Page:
What Can the New York Giants Expect from Stevie Brown in 2013?

Tamer ChammaContributor IIJuly 24, 2013

Stevie Brown running with the ball after an interception was a pretty common sight during the 2012 season.
Stevie Brown running with the ball after an interception was a pretty common sight during the 2012 season.Jim O'Connor-USA TODAY Sports

After two quiet seasons to start his NFL career, Stevie Brown burst onto the scene in 2012 in his first year with the New York Giants. The 26-year-old was second in the NFL with eight interceptions, despite not seeing consistent playing time until the fourth game of the season. Even better, he led the league with 307 interception return yards, which was a ridiculous 147 yards better than the second-place finisher, Tampa Bay’s Ronde Barber.

What can we expect from Big Blue’s starting strong safety in 2013? Well, Brown may not be so larcenous, which will put the emphasis on shoring up some weaknesses that were naturally overlooked last season because of his bundle of picks.

For starters, let’s address the interceptions and come up with a realistic figure that he can attain in the upcoming season. Brown reads a quarterback’s eyes well and breaks with a purpose when he has a chance to pick off a pass. He also has good hands, allowing him to hold onto most opportunities.

The problem is that eight interceptions is a lot of picks and a nearly impossible total to repeat in back-to-back seasons. For instance, Ed Reed, who is 10th all-time in interceptions with 61, has never had eight or more two seasons in a row. He’s actually only managed to hit this number or exceed it in three of his 11 seasons.

No offense to Brown, but he is not in Reed’s class and never will be.

With that said, Brown will still probably intercept three or four passes. And—if given some real estate to run after securing the pick—his return yardage should again be impressive. The man has moves in the open field similar to a solid NFL running back.

His year, however, won’t be defined by the turnovers he creates (he also had two forced fumbles and two fumbles recovered) and the return yardage he racks up. He’ll need to focus more on the fundamentals, because the flash won’t be as pronounced.

The good news is that Brown doesn’t appear to be fooled by his performance last season. Based on his comments to Conor Orr of The Star-Ledger earlier this month, he seems to understand that he has improvements to make:

Following meetings with the coaching staff during minicamp and OTA’s, Brown realized that he needed to improve on his body control this offseason.

When he is asked to come up to the line and cover slot receivers, he admits there is still a certain level of discomfort — hence, exercises to strengthen his lower body and increase his burst, as well as workouts that improve lateral quickness.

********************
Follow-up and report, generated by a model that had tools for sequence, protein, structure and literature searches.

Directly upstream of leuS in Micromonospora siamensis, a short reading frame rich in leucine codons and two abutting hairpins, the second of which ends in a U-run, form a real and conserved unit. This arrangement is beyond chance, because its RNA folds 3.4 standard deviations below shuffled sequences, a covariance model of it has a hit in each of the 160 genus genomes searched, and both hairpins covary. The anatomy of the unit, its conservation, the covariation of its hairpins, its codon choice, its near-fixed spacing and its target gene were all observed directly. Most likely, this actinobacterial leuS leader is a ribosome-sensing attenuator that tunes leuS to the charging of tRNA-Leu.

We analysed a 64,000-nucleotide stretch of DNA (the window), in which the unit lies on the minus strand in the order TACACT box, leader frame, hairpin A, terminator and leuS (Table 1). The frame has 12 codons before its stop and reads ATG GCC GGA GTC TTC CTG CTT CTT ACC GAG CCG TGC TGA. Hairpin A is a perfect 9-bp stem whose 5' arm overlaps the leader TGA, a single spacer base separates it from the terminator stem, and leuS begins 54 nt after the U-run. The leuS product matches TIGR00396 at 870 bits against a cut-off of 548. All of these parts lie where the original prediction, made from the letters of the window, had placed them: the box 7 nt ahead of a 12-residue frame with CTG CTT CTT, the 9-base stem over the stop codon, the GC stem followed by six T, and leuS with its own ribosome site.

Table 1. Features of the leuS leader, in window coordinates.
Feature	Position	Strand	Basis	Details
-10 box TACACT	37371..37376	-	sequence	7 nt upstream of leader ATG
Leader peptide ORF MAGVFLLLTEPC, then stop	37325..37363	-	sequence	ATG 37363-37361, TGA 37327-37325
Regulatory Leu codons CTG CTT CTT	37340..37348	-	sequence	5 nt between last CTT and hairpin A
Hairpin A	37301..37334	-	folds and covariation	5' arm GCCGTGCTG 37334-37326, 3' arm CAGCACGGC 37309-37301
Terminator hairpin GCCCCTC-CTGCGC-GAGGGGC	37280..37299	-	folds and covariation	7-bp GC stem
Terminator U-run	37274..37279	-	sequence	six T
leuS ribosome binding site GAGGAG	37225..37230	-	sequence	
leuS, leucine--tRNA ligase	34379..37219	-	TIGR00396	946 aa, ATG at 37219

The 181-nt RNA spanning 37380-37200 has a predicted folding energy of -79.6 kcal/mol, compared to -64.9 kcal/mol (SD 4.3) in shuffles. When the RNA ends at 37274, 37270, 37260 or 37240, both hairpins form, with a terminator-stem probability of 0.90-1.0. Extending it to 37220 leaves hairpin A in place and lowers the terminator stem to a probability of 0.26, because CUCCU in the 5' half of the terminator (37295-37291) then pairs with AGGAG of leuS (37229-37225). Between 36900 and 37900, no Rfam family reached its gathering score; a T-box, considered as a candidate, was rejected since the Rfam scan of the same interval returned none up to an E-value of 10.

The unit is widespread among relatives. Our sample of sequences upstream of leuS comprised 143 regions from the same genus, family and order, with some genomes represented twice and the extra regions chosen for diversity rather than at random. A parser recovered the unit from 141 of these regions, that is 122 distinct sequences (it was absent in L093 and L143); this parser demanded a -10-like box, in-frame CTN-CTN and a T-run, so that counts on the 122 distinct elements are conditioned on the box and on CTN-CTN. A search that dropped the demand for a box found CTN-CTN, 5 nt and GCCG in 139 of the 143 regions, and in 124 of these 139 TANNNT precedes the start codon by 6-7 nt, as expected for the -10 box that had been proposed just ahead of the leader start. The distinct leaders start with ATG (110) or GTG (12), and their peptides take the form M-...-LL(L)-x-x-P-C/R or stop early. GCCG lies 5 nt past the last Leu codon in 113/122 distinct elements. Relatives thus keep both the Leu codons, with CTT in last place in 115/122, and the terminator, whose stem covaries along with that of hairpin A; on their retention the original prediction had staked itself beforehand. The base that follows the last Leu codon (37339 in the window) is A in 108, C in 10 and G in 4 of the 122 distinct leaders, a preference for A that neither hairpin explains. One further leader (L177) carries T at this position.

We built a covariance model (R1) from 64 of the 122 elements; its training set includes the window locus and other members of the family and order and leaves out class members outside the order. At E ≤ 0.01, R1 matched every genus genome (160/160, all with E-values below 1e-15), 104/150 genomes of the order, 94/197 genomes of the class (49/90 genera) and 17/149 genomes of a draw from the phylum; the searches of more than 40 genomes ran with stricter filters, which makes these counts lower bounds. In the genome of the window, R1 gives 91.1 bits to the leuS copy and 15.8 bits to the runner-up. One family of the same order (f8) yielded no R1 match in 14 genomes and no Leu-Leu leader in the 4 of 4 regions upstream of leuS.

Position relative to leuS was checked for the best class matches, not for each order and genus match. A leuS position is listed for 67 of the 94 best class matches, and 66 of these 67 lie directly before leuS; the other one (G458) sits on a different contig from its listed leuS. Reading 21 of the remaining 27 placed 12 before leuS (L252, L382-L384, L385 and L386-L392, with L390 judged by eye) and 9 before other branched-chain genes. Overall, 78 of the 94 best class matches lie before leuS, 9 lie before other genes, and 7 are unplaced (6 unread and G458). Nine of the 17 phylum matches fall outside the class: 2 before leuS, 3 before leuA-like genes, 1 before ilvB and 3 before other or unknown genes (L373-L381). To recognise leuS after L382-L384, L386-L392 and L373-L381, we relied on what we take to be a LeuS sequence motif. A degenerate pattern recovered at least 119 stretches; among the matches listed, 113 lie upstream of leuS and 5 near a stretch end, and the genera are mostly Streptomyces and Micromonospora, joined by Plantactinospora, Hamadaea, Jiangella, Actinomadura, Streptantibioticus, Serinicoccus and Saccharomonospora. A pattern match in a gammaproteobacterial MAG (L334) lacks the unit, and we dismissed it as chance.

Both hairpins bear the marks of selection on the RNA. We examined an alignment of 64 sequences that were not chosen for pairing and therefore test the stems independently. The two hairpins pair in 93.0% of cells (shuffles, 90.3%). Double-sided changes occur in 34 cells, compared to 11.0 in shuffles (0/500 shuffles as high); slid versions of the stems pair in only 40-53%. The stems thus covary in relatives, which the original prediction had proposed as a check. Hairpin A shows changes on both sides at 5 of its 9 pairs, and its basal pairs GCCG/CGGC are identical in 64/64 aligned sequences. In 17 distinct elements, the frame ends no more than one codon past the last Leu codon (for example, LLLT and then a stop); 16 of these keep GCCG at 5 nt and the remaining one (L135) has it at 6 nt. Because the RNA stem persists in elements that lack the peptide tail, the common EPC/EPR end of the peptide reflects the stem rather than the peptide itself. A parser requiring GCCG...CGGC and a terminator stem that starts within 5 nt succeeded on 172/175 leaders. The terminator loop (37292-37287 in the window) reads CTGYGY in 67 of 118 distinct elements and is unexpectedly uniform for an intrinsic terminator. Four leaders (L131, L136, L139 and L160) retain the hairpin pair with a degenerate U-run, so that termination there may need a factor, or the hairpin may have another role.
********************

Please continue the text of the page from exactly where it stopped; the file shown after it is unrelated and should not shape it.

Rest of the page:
He also peppered Victor Cruz with questions during the offseason, and plans to work with him more intensely during camp to improve his coverage skills.

Hopefully the exercises and work that Brown did this offseason improve his coverage skills and quickness. Unfortunately, there is probably a limit to how much he can improve. Brown was a hybrid safety/outside linebacker in college at Michigan. He does not have the natural hip movement and speed of a true safety. While he has good instincts and ball skills, Brown will likely always struggle, to some degree, in coverage.

One aspect of his game Brown can work on that he didn’t mention to Orr, though he may have been hinting at it with the “body control” comment, is his tendency to be overly aggressive, especially in tackle pursuit on running plays.

Let’s take a look at two examples pertaining to running plays. The first occurred in Week 5 against the Cleveland Browns. As you can see in the first image, Brown makes an aggressive move towards the inside, believing Trent Richardson will bounce through the hole opened by his offensive line.

Instead, Richardson stays on course, leaving Brown behind the play, which is clearly illustrated in the second image.

If Brown had not guessed and instead made Richardson commit first, he probably would have tackled him around the five-yard line.

The other example is taken from the second Washington Redskins game in Week 13. Brown again guesses, this time believing Robert Griffin III will cut it back inside.

RG3, however, heads toward the sideline, easily leaving Brown behind the play.

Brown should have been especially conservative on this play given Griffin’s speed. Instead, his over-pursuit tacked on another 15-20 yards to the 46-yard scamper.

Unlike speed and fluid hip movement, over-aggressiveness can be fixed. As Brown gains more experience and gets used to offensive players tendencies through film work, he should demonstrate better containment in the running game.

If he does, he’ll be playing into another strength no one talks about: his tackling. When Brown gets his hands on a runner, he almost always brings them down. This is where his linebacker pedigree is a benefit—he is very strong, which allows him to wrap up better than most safeties.

By signing his RFA tender this offseason, Brown is in line to make more money in the NFL than most seventh-round picks do. He is still only on a one-year contract, though, so don’t discount dollar signs as a motivation for Brown to improve his play this season.

Hopefully for Brown’s sake, the team that signs him doesn't put too much emphasis on raw stats. His numbers may not look as gaudy in 2013, but he still has a chance to have a better season than 2012.

Any uptick in his coverage skills and quickness should be moderate. The major improvement, though, could be in his run pursuit—if he practices patience to put himself in a position to make a tackle.

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